Toyota's 2000GT stole the show at its introduction in Tokyo in 1965 for reasons far greater than the sum of its parts. When the world's most sporting coupes were coming out of Europe, the 2000GT put the automotive industry on notice. Japan was not known for producing beautifully designed two-seater GT cars. The 2000GT proclaimed that Toyota and the Japanese automotive industry could compete with the world's best and were here to stay, paving the way for future Japanese cars of all kinds in foreign markets. While some enthusiasts turned up their noses at the thought of a sports car from Japan, many were smitten by the 2000GT'sworld's gorgeous aluminum body and performance credentials.
Interestingly enough, the 2000GT was not Toyota's idea. Yamaha, known for its motorcycles at the time, decided to begin work on a sports car, its first venture into the automotive industry. After Yamaha had completed the initial designs for the car, the 2000GT found its home with Toyota, which was, interestingly enough, Yamaha's second choice for a manufacturer. Designed by Raymond Loewy, it was intended as a product for Nissan, who later decided not to take on the project. As a result, Yamaha brought the plans for the 2000GT before Toyota. Toyota, who had a reputation for producing rather conservatively designed cars, saw this new creation as an opportunity to prove that their engineers and designers could compete on the world stage.
The engine of the 2000GT was based on the inline-six Toyota Crown. Yamaha adapted it for use in the new model by installing new double overhead camshafts, giving the engine a more sporting character. With 150 horsepower pushing a curb weight of just 2,400 pounds with a 49/51 weight distribution, the 2000GT is light on its feet and handles like a dream. The top speed was a respectable 135 mph.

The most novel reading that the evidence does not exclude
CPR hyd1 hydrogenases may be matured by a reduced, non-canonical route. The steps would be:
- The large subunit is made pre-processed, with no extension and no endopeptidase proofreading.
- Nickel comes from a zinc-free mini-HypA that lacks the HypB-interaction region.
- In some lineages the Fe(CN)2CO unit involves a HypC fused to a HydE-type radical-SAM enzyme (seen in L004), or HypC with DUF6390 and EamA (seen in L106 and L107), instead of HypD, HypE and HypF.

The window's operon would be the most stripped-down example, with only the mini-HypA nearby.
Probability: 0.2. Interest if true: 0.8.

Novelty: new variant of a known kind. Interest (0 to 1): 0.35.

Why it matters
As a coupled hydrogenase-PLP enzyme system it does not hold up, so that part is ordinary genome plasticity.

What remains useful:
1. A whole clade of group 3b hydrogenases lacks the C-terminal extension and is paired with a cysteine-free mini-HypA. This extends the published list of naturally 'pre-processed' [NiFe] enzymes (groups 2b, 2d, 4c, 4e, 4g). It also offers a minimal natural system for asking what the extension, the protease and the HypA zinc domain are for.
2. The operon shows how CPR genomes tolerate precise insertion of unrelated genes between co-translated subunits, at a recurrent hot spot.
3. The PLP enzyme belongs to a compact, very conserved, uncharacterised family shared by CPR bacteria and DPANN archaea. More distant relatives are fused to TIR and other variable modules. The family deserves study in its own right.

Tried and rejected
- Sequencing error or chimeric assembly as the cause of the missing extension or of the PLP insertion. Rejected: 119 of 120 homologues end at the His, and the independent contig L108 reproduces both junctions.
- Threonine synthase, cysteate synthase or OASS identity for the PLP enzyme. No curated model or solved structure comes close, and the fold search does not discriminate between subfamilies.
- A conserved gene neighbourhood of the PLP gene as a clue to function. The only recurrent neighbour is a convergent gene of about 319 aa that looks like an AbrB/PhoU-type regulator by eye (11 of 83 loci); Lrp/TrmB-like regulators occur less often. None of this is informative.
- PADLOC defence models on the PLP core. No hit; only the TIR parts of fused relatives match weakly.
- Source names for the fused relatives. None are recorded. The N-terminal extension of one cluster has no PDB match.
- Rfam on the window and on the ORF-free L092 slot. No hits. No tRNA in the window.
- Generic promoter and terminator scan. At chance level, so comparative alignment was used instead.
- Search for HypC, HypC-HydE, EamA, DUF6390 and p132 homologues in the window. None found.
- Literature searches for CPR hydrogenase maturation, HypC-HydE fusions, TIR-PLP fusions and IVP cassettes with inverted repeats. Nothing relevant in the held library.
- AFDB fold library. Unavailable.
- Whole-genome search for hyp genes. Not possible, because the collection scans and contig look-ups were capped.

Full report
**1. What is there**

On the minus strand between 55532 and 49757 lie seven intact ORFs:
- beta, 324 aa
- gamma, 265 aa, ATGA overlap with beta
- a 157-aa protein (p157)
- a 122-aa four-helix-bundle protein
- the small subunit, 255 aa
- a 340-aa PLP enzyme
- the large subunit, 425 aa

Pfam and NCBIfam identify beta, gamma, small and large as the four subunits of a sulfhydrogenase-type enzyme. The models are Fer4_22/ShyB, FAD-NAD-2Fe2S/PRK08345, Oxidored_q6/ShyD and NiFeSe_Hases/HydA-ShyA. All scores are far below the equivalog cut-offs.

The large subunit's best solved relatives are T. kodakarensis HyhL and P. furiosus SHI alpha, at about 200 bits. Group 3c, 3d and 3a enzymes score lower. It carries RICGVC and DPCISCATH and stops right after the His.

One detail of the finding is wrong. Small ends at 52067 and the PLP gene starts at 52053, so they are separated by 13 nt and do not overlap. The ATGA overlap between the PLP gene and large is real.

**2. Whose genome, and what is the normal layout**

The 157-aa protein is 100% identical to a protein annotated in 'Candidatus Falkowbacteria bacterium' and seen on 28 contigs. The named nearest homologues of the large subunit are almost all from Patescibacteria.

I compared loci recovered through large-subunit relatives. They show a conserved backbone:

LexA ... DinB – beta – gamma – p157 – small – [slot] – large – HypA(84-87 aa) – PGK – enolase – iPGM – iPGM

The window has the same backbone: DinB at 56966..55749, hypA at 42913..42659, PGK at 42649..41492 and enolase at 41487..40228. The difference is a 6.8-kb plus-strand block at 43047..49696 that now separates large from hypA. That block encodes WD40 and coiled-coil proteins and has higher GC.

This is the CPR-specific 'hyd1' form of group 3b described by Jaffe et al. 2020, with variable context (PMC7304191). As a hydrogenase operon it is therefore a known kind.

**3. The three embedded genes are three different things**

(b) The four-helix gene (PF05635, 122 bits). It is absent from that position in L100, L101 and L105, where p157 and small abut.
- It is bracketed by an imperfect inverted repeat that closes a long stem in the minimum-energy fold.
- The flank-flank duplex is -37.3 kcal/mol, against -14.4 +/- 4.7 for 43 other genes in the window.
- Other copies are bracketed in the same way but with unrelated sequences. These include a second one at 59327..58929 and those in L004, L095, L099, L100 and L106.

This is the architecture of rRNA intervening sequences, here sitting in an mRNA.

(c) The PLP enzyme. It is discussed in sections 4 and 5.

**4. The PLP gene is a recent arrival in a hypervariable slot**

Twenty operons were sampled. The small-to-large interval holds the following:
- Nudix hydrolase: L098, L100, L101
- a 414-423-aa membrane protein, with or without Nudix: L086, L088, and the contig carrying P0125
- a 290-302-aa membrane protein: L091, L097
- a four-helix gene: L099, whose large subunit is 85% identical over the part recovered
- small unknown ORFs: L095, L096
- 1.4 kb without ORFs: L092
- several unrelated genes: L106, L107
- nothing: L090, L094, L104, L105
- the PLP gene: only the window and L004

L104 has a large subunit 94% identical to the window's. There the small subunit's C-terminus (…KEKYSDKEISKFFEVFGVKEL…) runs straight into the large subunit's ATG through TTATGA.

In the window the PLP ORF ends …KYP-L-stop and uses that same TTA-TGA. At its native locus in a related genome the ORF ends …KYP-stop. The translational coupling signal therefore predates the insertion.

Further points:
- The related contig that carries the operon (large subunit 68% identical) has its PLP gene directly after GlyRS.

Still aspiring to compete with the Europeans on all levels, Toyota ensured that the 2000GT found its way to the track. Toyota entered a 2000GT in the Japanese Grand Prix, keeping competition at a domestic level. In its inaugural outing at that event in 1966, the model placed 3rd. A year later, it won the Fuji 24 Hours endurance race. Toyota even sent a 2000GT to the Yatabe Test Track, where it set 15 records in speed and endurance, wildly exceeding Toyota's expectations. Carroll Shelby even raced the 2000GT in SCCA events in the United States, racking up a respectable four wins in the 1968 season, the only season it would compete under Shelby's name.
In 1967, the 2000GT had a brief stint on the silver screen. In You Only Live Twice, the fifth film of the James Bond series, Bond's Japanese counterpart drove 007 around the streets of Tokyo in a 2000GT. However, Connery's 6'2" frame could not fit into the 45.7-inch tall coupe. Toyota built a targa top 2000GT to further accommodate Connery, but producers ruled it out because Connery's head stuck out far above the roofline. Finally, Toyota produced a convertible that fit Connery just fine, and it was used in the movie. You Only Live Twice put the low production 2000GT in front of hundreds of thousands, if not millions, of people. Even though the car appeared on screen for a small portion of the film, it monumentally increased the 2000GT's exposure to the public, as well as Toyota's. Sadly, neither targa nor convertible ever went into production.
Completing the formula for a collectible sports car, the 2000GT is rare. When production concluded in 1970, just 351 examples were produced, and just 15% of those were imported to the United States. Toyota planned to produce nearly 1,000 examples annually, but sales were limited due to its cost. The price of the 2000GT topped $7,000 in 1967, which was over $1,000 more expensive than a Jaguar E-Type and Porsche 911 and over $2,500 more than a Chevrolet Corvette. For many, justifying the purchase of a 2000GT was difficult when there were much more established competitors in the marketplace for thousands of dollars less.
Source: rmauctions.com; www.oldschool-cars.ru
Images: Toyota; www.2000gt.net; Product Design Database